I have learned one of the most important characteristics for success as an entrepreneur is self-knowledge. Having a complete and accurate understanding of your best skills, what you like to do, how you like to work, and what you shouldn’t be doing is critical.
I feel like I’ve been living in the movie Groundhog Day because I have had the same conversation five times in the last week or so. Since Carol did this interview with me on entrepreneur.com, people jump on my calendar every week to talk about transitioning from entrepreneur to employee.
The stories they share have many things in common. Almost everyone says their business took longer to get traction than they thought it would, and they had to invest more money and time than they thought they would need to. Most people add the uncertainty of revenue coming in as another stressor.
Yes, I get it. Been there, done that, and have the T-shirt.
But, let’s say you’re committed to your business for the long haul. Here are some critical things that you need to know about yourself:
Know your best skills
What are your super powers? There are some skills you might easily identify, but there are probably several others you undervalue because they come easily to you. Make sure you include the things other people always come to you for help with in your inventory of best skills.
As you are building out your business, try to ensure you’re using these skills at least 60% of the time. Staying in your genius zone as much as possible will keep you energized and inspired.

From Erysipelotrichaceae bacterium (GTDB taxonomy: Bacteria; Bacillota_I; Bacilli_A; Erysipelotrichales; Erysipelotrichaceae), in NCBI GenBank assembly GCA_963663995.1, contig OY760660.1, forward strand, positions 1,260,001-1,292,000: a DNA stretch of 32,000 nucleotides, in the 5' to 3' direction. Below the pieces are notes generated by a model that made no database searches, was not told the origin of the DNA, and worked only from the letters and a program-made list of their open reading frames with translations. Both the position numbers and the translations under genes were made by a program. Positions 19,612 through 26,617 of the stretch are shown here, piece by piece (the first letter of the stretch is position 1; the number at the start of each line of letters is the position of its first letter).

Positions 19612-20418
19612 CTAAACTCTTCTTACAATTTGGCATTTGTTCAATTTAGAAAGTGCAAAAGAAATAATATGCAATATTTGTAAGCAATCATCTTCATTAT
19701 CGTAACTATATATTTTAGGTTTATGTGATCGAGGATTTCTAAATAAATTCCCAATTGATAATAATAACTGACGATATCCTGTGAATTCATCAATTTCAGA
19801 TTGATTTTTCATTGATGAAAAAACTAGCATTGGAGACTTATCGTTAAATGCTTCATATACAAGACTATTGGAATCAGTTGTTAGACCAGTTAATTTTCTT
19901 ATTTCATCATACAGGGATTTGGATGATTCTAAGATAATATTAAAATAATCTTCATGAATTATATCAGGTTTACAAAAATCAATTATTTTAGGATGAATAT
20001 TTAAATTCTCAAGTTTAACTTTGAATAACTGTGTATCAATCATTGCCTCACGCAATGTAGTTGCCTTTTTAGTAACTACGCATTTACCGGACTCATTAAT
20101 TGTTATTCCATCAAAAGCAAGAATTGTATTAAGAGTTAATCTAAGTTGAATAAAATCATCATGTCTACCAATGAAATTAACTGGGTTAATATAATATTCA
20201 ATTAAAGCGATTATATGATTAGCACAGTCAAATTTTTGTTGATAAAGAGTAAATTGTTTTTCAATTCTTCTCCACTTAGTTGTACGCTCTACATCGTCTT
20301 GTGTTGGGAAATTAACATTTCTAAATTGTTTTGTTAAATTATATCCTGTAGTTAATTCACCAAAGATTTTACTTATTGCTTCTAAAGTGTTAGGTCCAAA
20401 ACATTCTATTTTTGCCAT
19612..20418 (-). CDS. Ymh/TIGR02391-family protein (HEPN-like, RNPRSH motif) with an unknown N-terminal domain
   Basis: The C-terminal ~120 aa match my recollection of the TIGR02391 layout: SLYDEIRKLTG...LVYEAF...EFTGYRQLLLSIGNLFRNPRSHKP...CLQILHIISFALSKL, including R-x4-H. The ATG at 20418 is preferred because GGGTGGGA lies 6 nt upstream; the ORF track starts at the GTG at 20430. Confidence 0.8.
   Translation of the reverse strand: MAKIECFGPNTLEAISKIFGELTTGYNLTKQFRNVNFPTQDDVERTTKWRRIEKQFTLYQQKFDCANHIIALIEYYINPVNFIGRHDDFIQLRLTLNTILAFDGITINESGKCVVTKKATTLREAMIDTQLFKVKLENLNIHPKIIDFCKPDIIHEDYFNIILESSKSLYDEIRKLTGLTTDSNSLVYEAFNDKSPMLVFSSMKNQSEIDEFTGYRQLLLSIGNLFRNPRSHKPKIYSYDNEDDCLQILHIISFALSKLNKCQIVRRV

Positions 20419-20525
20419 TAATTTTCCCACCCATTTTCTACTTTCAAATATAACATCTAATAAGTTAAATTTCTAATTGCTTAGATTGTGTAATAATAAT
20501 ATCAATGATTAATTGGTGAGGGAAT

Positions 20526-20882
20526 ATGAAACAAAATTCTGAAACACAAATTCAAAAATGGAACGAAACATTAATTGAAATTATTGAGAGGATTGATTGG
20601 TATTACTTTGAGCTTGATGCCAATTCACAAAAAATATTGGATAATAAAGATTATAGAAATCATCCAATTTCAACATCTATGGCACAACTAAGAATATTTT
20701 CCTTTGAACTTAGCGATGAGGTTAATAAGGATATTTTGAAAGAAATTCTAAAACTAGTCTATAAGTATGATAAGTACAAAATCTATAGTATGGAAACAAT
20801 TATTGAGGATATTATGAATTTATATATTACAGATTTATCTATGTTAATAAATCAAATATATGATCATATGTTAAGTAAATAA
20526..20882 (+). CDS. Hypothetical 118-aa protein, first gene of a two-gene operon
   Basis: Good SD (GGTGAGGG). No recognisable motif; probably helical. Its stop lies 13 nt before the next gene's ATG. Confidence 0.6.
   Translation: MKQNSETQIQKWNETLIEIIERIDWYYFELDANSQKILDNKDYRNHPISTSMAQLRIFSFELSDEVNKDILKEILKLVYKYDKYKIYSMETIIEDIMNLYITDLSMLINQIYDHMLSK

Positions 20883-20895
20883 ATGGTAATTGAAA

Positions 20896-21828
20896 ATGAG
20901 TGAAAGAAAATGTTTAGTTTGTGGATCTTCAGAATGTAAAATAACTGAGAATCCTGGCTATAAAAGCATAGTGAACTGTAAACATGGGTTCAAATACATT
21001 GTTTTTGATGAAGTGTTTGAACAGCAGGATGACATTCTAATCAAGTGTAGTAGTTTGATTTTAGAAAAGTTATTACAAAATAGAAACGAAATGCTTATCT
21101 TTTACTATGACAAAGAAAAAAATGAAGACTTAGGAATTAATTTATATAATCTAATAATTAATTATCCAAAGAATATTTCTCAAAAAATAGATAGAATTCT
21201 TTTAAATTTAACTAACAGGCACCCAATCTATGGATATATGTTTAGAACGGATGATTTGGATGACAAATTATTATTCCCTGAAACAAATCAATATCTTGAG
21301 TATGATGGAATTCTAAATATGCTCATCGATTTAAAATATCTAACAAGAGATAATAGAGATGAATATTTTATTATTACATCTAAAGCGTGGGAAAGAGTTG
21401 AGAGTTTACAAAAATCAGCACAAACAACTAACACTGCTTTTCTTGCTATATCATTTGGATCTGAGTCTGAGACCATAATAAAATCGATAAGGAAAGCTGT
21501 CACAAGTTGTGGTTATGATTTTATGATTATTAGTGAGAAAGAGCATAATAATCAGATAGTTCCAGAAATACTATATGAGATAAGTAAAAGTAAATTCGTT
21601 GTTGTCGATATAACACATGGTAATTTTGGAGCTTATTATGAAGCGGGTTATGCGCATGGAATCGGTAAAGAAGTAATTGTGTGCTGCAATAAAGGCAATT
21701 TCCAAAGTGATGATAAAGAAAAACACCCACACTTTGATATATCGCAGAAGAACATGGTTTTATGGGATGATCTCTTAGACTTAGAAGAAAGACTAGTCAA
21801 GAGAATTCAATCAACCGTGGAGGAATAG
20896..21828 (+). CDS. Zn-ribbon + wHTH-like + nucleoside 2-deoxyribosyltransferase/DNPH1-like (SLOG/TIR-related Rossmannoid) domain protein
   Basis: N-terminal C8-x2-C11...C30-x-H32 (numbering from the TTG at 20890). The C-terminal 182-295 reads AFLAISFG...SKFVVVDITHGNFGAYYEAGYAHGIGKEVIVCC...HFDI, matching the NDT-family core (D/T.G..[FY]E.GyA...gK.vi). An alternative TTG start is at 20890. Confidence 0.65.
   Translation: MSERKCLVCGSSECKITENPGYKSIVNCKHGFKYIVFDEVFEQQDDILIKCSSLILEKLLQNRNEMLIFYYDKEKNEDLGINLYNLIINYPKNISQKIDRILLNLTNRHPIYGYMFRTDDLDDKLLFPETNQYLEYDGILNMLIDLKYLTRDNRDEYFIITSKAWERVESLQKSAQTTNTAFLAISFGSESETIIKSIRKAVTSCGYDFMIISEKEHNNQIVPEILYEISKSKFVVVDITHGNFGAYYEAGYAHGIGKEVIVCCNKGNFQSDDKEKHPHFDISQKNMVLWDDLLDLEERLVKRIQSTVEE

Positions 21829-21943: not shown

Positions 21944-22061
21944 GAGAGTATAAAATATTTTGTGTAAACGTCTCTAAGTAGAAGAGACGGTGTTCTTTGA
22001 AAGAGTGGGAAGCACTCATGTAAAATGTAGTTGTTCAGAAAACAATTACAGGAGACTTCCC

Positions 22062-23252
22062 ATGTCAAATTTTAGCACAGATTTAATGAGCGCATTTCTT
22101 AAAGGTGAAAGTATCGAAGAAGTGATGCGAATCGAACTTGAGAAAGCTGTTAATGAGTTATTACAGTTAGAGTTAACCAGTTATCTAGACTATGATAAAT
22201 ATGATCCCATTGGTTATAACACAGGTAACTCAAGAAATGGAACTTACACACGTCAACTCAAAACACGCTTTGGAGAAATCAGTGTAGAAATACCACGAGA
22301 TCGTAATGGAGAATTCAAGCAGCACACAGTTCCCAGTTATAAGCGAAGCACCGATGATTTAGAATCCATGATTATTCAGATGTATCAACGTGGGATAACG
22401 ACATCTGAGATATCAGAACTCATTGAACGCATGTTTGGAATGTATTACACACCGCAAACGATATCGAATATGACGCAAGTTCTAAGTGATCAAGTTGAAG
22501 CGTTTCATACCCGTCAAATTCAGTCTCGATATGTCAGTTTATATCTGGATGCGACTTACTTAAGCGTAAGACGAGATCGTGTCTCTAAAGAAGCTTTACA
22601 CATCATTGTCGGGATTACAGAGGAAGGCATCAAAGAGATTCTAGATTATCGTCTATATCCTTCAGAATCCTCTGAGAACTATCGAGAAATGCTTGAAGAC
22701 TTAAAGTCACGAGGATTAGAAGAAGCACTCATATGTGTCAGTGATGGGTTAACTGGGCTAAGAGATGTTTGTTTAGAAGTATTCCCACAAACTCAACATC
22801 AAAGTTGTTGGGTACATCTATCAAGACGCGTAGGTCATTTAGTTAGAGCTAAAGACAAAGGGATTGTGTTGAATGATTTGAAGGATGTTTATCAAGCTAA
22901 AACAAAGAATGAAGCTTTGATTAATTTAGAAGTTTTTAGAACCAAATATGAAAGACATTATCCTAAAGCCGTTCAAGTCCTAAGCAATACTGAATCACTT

Know what you like to do
Just because you’re good at something, doesn’t mean you like doing it. I know a lot of people who are very good at data analysis, but they don’t want to spend all of their time doing it.
Also, if you like to do something that is a low-value task in your business, or one that could easily be offloaded to someone else, think about whether it’s a good use of your time.
You may decide to continue doing it because you enjoy it, or you may decide that your time would be better spent elsewhere.
Know how you like to work
One common theme I keep hearing is a feeling of isolation. If you’re a natural introvert, you may actually be living your dream working alone in your home office.
However, if you’re an extrovert, or even fall somewhere in between extrovert and introvert, you may find that too much time alone isn’t good for you. You may find yourself feeling blue or just out of it. Some people even start to experience low-level anxiety as well.
Many people tell me they miss bouncing ideas off of other people and collaborating.
Here’s the thing: There’s no reason you can’t do this as a solo or small business owner, but you’ll need to reach out to other people or join a group. (Carol wrote a great article about mastermind groups for your business.)
What I am seeing is it often does not occur to people to do this because they are “living the entrepreneurial dream.”
Know what you shouldn’t be doing
If you don’t or can’t balance your checkbook, it’s likely that you’ll put off your business’s bookkeeping for as long as possible. If you know this is a blind spot for you, get help sooner rather than later.
I have a problem sorting and organizing papers. I got fed up, hired a professional organizer to come work with me, and we went through nine years of papers in six hours. That was some of the best money I ever spent.
Could I have done it myself? Sure. But I would never have gotten around to it. Having Erin sitting there with me going through boxes of papers made me do it. She told me “body doubling” was the term professional organizers use for that.
Here’s what I know for certain: You will have a much easier time building your business if you maximize your strengths and manage against your weaknesses.
There’s no shame in needing help. None of us are good at everything. Be honest with yourself and get support where and when you need it.